Amid the onslaught of media coverage respecting Glenn Neasham’s conviction for selling an annuity to a 83-year-old senior diagnosed with Altzheimer’s Disease, many of our readers are asking how they can guard against a similar fate. One place to look for guidance, clearly, is your annuity carrier.

Unfortunately, many annuity providers don’t have well-developed programs to aid agents in dealing with clients or prospects suspected of being cognitively impaired and, thus, not wholly competent to consummate a product sale. This is a significant oversight for an industry that has devoted much time and resources to helping producers determine the suitability of an annuity given the client’s age, financial resources, life goals, risk tolerance and other criteria.

Knowing how to custom-fit a product to the client profile is all well and good. But if the prospect doesn’t seem to fully understand or remember what the agent discussed during a product presentation, then the insurer in question needs to be able to invoke procedures to decide whether or not the producer should proceed with the sale.

For agents, the issue is likely to grow more urgent in coming years, as many of the estimated 13,000 of 78 million baby boomers who are daily turning age 65 have some form of dementia. Topping the list: Altzheimer’s Disease, which is the 6th leading cause of death in the U.S. and the 5th leading cause of death for those aged 65 and older.

According to a March 2012 report of the Altzheimer’s Association, 5.4 million Americans are now living with Alzheimer’s—5.2 million aged 65 and over, but also 200,000 under the age of 65. By 2050, up to 16 million Americans will have the disease.  Of Americans aged 65 and over, 1 in 8 has Alzheimer’s. And nearly half of people aged 85 and older have the disease.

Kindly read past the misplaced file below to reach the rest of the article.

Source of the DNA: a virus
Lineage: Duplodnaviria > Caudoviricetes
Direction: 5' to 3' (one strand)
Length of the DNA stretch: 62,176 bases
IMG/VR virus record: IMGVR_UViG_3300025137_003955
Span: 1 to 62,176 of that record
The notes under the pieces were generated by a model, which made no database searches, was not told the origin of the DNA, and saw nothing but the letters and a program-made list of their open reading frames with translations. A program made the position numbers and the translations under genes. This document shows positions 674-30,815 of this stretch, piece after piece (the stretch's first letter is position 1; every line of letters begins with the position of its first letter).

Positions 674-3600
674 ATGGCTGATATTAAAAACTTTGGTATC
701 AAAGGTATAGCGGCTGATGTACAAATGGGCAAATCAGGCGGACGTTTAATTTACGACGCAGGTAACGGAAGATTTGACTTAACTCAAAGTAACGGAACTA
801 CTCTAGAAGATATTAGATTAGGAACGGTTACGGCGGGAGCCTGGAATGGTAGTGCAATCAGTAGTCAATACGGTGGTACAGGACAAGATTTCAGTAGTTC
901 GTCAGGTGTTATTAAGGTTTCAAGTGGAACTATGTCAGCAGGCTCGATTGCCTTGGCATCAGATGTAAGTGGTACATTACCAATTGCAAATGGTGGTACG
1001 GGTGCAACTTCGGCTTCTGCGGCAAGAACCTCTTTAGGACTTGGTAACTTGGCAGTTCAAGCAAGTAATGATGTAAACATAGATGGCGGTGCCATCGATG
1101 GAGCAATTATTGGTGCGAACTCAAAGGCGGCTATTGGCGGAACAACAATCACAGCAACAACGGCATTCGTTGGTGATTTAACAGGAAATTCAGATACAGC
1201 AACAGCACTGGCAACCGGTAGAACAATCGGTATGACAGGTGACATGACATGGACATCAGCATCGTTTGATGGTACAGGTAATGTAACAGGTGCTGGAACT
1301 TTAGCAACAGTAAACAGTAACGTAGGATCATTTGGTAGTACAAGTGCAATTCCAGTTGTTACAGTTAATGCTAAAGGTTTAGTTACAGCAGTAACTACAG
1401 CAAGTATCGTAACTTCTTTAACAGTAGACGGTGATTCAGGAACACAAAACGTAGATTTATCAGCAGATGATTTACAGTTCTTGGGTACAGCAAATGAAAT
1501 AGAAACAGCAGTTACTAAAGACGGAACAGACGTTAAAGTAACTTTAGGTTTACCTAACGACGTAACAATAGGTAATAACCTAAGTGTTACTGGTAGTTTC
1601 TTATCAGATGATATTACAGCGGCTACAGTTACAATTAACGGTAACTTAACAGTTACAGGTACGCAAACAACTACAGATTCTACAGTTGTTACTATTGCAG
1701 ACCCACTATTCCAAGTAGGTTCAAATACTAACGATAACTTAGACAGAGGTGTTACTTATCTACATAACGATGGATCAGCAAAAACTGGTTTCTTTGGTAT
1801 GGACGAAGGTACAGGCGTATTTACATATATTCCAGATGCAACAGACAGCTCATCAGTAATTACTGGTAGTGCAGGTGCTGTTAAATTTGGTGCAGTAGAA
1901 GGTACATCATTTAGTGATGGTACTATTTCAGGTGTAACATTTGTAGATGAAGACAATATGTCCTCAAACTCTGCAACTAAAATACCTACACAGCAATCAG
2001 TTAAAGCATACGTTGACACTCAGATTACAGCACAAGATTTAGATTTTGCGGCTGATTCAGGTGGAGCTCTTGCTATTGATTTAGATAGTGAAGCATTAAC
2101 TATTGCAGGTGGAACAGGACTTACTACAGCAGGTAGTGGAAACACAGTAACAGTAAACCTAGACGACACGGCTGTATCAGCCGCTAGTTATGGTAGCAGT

These numbers add up to a minefield of potential lawsuits. Thus, producers like Neasham need to have a plan in place to recognize early warning signs of mental disease; and, once identified, to take their concerns up the chain of the command so as to minimize the possibility of civil or criminal actions after the sale.

One insurer with a program to help agents address mental cases is Prudential Financial. John Gordon, vice president of business quality for the Newark, N.J.-based company, says that Prudential’s Health and Wellness group spearheaded a training initiative in 2009 for its career agent field force, as well for its back-office/operations personnel.

“We wanted to know what the red flags are that our people should look for pertaining to diminished capacity in senior clients,” says Gordon. “Per a FINRA notice to member companies, we also wanted to indentify signs of physical or financial abuse that seniors may be suffering at the hands of family members, such as the use of coercion to make a particular individual the beneficiary of an annuity or life insurance policy.”

In respect to the first—diminished capacity—Gordon identified several warning signs that might point to early-onset dementia. Among them: a client’s inability to understand or recollect product features and benefits the agent described only a short while ago; waiting for the agent’s approval to speak; trouble in processing visual images and special relationships, such as documents to review; difficulty in solving problems, like working with numbers; and confusion as to the time or place of a meeting.

Should a client reveal any of these symptoms then, says Gordon, the agent is directed to contact his or her managing director. This individual will interface with others at Prudential as part of a mini-task force that addresses cognitive impairment cases. They include the company’s chief compliance officer, risk officer, and individuals within Prudential’s Health and Wellness Group.

If the task force concurs with the agent’s initial assessment, then Prudential will turn the case over to a state agency to handle. Often, state authorities will act to prevent agents at other insurers from prospecting to the client in question; or, as in one example Gordon cited that involved Prudential, to prevent a family member from engaging in financial elder abuse.

Gordon counsels agents to undertake additional measures on their own to protect themselves in the event of litigation. These include, for example, fully documenting conversations with clients so they can recollect decisions that may later be contested; and marketing themselves on business cards and literature using only carrier-approved professional designations.

Prudential, it seems, has a well thought-out plan to deal with diminished capacity issues. It remains to be seen how many other carriers—and their agents—will follow suit.